Patrick Dangerfield says the Cats set themselves to make a statement against Richmond – and they succeeded, smashing the Tigers by 67 points at the MCG on Friday night.
Dangerfield, who was best on ground with 38 disposals including 17 contested possessions, said the Cats were keen to match a team that had beaten them in the past three matches.
“We set ourselves … Massive challenge against Richmond,” Dangerfield told Channel Seven after the match.
“Because of the history, we knew we had to start well. We didn’t necessarily do that.
It was tight. We kept turning the screws. Converted [it] when we had our opportunities.
Geelong is now 11-1 for the season and outright premiership favourites after a stunning display of midfield running and forward strength.
The Tigers scored the first two goals of Friday night’s clash to lead by 11 points at quarter-time, but in a stunning the Cats slammed through the next 11 majors to storm to a 16.8 (104) to 5.7 (37) win.
Gary Ablett had an impressive 24-disposal, two-goal display, while Mitch Duncan (34) and Tim Kelly (32) were also good for the Cats.
Tom Hawkins was the leading goal kicker on the ground with four, with Gryan Miers also impressive with three.
Richmond skipper Trent Cotchin (23 touches) and Dustin Martin (26) led the charge for the Tigers, but the Cats were up by 30 points at halftime.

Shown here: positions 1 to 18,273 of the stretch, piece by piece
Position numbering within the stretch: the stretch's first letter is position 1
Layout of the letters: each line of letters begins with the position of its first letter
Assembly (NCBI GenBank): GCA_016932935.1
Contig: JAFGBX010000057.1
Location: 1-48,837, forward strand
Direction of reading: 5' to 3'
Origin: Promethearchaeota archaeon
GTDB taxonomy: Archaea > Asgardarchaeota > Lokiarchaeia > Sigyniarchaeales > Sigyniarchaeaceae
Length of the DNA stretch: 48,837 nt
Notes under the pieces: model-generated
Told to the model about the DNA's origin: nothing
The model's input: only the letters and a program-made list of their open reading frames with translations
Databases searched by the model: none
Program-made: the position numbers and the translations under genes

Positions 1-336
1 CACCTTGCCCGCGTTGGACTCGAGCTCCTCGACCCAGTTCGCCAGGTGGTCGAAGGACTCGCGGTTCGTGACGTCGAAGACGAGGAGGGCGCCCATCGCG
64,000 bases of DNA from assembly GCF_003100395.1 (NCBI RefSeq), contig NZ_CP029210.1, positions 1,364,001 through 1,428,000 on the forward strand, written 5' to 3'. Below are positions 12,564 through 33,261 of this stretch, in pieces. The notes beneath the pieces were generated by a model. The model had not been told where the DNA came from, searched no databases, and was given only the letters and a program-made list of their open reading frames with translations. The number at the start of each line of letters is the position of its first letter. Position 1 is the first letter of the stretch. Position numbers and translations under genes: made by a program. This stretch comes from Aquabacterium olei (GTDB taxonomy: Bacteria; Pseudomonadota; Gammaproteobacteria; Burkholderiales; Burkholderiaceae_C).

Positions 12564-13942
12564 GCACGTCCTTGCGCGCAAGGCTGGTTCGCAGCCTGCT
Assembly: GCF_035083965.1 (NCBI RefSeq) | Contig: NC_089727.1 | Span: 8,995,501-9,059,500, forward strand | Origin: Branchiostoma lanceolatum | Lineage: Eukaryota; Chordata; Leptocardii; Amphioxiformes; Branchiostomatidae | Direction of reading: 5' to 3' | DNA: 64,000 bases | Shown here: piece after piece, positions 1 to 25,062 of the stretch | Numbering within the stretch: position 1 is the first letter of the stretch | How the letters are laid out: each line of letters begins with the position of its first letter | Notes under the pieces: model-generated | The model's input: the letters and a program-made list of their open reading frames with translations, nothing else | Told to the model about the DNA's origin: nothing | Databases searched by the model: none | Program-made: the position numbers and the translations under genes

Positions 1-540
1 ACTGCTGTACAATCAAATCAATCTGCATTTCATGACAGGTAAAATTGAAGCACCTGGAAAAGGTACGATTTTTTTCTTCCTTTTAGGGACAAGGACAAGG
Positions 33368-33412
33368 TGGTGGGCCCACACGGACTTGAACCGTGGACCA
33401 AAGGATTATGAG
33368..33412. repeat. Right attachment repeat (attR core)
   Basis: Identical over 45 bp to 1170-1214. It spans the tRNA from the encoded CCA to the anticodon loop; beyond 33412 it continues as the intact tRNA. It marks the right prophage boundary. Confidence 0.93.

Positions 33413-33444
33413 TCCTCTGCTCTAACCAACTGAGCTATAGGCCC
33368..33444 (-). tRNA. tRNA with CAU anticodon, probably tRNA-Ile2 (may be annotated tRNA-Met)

Both sides finished with injury concerns, the Cats’ Esava Ratugolea out with a hamstring issue in the third quarter and Richmond’s Nick Vlastuin out with a rib problem.
Geelong will next enjoy their bye round, while the Tigers must back up for a clash with the Crows at Adelaide Oval on Thursday night.
Meanwhile, the AFL’s score review system will be in the spotlight again this week after Richmond appeared to be denied a goal in the second quarter.
The AFL admitted to two errors in round 11 and on Friday night Jack Higgins looked to have booted a much-needed goal to stop a run of five unanswered majors by the Cats.
However,a score review was called for when the goal umpire asked for confirmation the ball had hit the post.
One camera angle looked to show a clear gap between the post and the ball but the score reviewer’s decision was to definitively award a behind.
“It’s embarrassing to have a goal review system where we (get) another angle after it has been reviewed,” Tigers champion Matthew Richardson said on the Channel Seven broadcast. “It is a goal. We saw all of the angles that the goal review umpire saw.”